Men's fraternity working with Carver youth
By Phyllis Moore
Published in News on March 29, 2005 1:45 PM
MOUNT OLIVE -- A Goldsboro mens' fraternity has been building relationships with a group of fifth-grade boys at Carver Elementary School this school year.
Members of Kappa Alpha Psi formed "The Brothers," in the fall to provide positive role models for black students in hopes of improving discipline and academic performance.
Assistant Principal Beverly Smith said the idea was to help steer the fifth-grade boys in the right direction.
"These were students with challenging behaviors," she said, "students I call 'frequent flyers' because they were frequently in my office."
The group meets monthly with the students. The schools "character word of the month," is often a springboard for discussion.
"We talk about what it means to them," said Rufus Williams, a member of the fraternity. "We'll ask such things as, 'How do you show that toward your parents?'"
Devin Lee, 11, said he liked the mentoring program right away, especially when he discovered that he could learn ways to help his family. He said he had not always enjoyed school because he wasn't good in math and science.
"Before I had been getting wrote up a lot and now I don't," he said. "I haven't been in trouble in about a year and three months."
He said he has enjoyed being able to share his thoughts and talk more openly about things with his peers.
"This has helped me think about what kind of person I want to be," he said.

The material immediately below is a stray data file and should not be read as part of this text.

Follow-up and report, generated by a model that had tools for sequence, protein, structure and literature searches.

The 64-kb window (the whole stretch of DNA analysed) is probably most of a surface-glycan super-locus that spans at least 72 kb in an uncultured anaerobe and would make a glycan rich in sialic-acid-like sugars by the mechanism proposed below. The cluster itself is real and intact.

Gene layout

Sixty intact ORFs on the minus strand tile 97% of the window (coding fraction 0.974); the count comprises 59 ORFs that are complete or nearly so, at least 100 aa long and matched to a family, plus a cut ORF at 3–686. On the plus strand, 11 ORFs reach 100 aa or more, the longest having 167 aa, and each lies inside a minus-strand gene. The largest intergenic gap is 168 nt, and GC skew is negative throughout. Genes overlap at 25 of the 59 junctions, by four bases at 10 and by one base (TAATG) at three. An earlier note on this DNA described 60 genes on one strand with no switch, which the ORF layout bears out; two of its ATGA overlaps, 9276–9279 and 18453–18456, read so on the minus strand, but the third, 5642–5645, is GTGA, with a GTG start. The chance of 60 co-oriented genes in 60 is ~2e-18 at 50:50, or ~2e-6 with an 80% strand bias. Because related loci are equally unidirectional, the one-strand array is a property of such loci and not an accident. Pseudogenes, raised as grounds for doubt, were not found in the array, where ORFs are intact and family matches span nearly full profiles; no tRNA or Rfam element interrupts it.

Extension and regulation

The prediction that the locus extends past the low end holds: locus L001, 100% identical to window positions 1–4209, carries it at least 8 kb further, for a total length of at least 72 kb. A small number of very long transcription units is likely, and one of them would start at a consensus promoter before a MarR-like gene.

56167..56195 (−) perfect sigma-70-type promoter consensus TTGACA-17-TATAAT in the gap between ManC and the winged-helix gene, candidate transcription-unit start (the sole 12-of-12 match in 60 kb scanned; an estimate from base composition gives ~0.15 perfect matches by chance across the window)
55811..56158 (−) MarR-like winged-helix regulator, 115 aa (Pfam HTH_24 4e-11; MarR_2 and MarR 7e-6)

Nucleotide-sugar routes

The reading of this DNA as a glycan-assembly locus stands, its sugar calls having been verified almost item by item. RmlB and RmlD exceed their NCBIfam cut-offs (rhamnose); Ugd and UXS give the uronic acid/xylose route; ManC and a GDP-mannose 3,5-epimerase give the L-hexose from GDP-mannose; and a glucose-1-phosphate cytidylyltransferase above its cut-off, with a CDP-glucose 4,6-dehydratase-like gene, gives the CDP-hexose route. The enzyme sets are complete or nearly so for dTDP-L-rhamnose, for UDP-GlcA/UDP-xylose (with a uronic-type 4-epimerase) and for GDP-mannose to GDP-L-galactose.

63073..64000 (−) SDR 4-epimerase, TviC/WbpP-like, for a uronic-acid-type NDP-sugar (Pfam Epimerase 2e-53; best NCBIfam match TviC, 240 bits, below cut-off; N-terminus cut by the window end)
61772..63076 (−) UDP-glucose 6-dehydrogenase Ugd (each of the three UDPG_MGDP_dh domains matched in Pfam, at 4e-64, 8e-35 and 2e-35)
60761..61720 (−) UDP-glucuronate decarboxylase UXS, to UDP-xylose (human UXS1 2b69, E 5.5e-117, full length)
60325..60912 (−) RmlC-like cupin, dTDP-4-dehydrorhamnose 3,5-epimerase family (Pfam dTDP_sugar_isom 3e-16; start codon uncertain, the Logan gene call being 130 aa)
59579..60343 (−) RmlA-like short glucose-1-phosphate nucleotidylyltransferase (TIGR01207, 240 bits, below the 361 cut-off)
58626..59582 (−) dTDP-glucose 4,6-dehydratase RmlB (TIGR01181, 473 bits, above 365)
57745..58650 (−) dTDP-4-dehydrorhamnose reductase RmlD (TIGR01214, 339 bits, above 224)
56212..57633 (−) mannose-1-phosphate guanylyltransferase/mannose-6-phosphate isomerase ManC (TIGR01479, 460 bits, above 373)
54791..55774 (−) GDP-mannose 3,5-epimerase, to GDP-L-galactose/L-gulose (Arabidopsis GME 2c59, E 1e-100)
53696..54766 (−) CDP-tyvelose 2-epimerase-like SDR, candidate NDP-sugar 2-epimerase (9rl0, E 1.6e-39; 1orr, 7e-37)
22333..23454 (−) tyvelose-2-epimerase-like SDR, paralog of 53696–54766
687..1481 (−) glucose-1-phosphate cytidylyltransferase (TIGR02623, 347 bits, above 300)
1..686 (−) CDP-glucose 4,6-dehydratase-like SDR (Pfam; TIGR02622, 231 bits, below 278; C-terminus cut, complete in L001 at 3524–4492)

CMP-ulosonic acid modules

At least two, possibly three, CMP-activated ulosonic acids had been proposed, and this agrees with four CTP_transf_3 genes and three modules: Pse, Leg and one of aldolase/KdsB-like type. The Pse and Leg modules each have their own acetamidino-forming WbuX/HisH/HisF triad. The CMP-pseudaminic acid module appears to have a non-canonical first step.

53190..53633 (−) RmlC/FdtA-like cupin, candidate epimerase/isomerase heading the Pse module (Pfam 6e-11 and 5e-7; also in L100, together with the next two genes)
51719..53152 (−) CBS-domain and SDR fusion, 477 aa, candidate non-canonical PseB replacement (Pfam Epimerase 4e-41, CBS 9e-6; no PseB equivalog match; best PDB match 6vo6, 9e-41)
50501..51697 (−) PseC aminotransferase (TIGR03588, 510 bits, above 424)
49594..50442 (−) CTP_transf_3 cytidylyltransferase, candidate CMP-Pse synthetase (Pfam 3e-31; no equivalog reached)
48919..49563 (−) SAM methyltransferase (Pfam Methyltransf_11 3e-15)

Since joining the group, Devin said his grades have improved and that his parents have rewarded him for his efforts. He said they have provided encouragement, telling him "What good things happen to me when I'm responsible.
"They've told me they're proud of me. That makes me proud of myself."
Classmate Cianci Glaspie, 12, said he had to be sold on the mentoring idea.
"At first it was kind of boring," he said, but eventually "It just became fun."
He said the turning point for him was when the men took the boys to a basketball game at Mount Olive College.
Cianci says he hopes to one day be a basketball player himself. He said he also thinks about becoming a scientist, or a veterinarian. He said he has gained confidence in himself.
"If you set your mind to it in school, you can do it all," he said.
He said the men have helped him pick up some practical lessons on how to succeed in the classroom.
"They teach you ways that you can be good in class, how to not let students bother you, how to listen to your teachers," Cianci said. "It teaches you how to hold your anger in because you need to, because that's how you can get into trouble."
Williams said that for most of the boys, only a little guidance is needed. To maintain contact, members of "The Brothers," call the boys between month sessions to see how they are doing at school and in their other activities.
It's only the first year for the program, but Mrs. Smith said she has been pleased with the progress so far.
"With some of the students, I have seen a decrease in their visits to the office," she said. "I have seen a decrease in the number of suspensions."
She said she has talked with several mothers who feel it's an important program and have been very supportive of it.
"We're not expecting miracles," she said. "It's a process and it's going to take awhile ... But it is a steady process we hope to continue next year."
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